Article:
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Science Magazine Weighs in on Federal Medical Marijuana Lawsuit
Oakland, CA -- Former FDA Commissioner and Editor-in-Chief of Science Magazine, Dr. Don Kennedy, authored an editorial on medical marijuana in this week's edition of the American Association for the Advancement of Science (AAAS) publication. The AAAS concluded that the federal Department of Health and Human Services (HHS) violated its own guidelines regarding information quality when it rejected the petition filed by national medical marijuana advocacy organization Americans for Safe Access (ASA).
In February 2007, ASA filed a lawsuit in United States District Court in San Francisco against HHS and FDA for violating the little known Data Quality Act (DQA). The DQA is a mechanism to ensure that regulatory agencies base policy decisions on sound science. The DQA lawsuit followed a two year administrative process in which HHS denied ASA's petition.
"This is vindication from the scientific community that the medical efficacy of marijuana clearly exists and is being ignored by the federal government," said ASA Executive Director Steph Sherer. "The opinion illustrates the broad nature of support for the advancement of this important medicine."
The following is an excerpt from the Science Magazine editorial:
"...Americans for Safe Access (ASA), a group advocating marijuana availability for severely ill patients needing pain or nausea relief, petitioned the Department of Health and Human Services (HHS) under the DQA in 2004. They alleged that HHS made false statements in its publications and its Web site, in particular that marijuana 'has no currently accepted medical use in treatment in the United States.' ASA cited an Institute of Medicine study that acknowledged benefits from the use of marijuana and cannabinoid derivatives and referenced double-blind clinical trials demonstrating relief from pain and vomiting. HHS delayed a response for months beyond its own deadline, rejected the petition, and then rejected the appeal.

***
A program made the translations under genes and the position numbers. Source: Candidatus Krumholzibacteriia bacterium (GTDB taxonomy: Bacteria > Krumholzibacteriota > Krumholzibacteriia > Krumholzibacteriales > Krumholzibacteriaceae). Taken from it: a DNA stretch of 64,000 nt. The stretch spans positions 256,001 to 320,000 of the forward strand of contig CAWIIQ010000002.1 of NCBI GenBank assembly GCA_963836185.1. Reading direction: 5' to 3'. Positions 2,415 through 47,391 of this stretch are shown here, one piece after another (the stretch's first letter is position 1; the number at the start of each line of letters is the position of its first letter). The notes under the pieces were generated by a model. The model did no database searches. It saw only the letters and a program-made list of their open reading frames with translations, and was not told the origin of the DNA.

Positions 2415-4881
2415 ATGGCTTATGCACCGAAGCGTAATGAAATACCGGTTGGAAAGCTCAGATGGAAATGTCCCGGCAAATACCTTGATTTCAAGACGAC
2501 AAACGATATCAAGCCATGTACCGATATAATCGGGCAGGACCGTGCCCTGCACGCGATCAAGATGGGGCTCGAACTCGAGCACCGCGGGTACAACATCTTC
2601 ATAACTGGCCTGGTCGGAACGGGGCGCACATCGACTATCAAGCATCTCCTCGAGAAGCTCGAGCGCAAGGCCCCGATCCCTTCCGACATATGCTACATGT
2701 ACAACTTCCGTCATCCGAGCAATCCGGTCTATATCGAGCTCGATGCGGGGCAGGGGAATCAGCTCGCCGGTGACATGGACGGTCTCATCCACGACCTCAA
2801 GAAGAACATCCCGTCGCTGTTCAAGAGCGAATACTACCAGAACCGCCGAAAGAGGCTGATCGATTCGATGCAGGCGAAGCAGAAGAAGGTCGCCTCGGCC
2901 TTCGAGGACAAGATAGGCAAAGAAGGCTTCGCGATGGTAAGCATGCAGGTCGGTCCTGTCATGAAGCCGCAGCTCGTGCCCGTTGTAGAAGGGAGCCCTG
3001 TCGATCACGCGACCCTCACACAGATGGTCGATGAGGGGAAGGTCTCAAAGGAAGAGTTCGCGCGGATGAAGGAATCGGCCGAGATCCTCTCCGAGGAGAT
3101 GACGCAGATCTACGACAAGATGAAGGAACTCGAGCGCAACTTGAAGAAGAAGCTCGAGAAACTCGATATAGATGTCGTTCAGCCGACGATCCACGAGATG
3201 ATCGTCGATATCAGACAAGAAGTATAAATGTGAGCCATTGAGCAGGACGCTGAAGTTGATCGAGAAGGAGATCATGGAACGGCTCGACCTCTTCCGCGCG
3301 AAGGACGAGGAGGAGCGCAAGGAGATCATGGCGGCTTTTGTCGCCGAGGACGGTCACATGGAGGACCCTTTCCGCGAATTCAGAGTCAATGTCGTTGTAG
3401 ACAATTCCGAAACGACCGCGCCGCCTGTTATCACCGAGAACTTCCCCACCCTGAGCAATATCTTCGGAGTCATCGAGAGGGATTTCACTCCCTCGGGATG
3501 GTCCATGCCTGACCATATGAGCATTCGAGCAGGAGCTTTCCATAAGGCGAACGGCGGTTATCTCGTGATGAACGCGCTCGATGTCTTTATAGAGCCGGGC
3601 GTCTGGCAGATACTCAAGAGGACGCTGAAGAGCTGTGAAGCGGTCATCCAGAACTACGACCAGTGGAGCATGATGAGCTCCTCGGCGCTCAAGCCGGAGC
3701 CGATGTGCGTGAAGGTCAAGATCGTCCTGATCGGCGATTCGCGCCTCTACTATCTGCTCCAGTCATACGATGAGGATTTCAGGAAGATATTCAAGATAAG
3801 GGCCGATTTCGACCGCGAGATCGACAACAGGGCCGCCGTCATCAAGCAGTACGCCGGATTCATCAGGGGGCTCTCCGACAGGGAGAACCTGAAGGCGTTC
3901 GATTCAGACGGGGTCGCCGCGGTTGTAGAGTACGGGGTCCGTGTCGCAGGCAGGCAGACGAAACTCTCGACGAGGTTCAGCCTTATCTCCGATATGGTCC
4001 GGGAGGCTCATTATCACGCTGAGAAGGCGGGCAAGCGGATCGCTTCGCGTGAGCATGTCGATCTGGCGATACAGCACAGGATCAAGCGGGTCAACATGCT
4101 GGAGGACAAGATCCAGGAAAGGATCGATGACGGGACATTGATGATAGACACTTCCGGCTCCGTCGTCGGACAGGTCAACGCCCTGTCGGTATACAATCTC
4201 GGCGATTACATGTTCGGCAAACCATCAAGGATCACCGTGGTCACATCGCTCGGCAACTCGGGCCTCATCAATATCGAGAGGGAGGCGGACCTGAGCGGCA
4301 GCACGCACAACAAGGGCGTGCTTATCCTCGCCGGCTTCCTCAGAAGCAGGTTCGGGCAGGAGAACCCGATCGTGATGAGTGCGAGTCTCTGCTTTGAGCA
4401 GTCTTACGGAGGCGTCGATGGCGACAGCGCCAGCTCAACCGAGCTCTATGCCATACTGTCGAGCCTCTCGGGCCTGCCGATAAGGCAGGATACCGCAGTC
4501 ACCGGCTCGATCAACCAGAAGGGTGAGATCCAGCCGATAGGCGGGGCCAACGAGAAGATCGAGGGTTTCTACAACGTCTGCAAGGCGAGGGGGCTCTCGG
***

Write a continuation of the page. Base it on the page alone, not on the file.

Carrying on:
"ASA finally brought its case to federal court, asking it to substitute for the agency's false statement one that says, 'Adequate and well-recognized studies show the efficacy of marijuana in the treatment of nausea, loss of appetite, pain and spasticity.' Will the judge make HHS change, giving ASA the injunctive relief it seeks? We'll have to wait to see whether this case turns the tables on DQA, but it's already clear that HHS has violated its own DQA guidelines--going, you might say, one toke over the line."
The DQA lawsuit is currently pending before U.S. District Court Judge William Alsup. The government's response to ASA's complaint is due May 25, 2007, and the court is likely to hear oral arguments in July or August. "We're confident that science will ultimately prevail over politics," said ASA Chief Counsel Joe Elford. "The DQA is the vehicle to compel the federal government to recognize the truth about medical marijuana and validate the experiences of patients and doctors who have had success using it to alleviate suffering."
To purchase the entire editorial, entitled "Turning the Tables with Mary Jane," visit the Science Magazine website.
For materials filed in the case to date, see ASA's DQA page.
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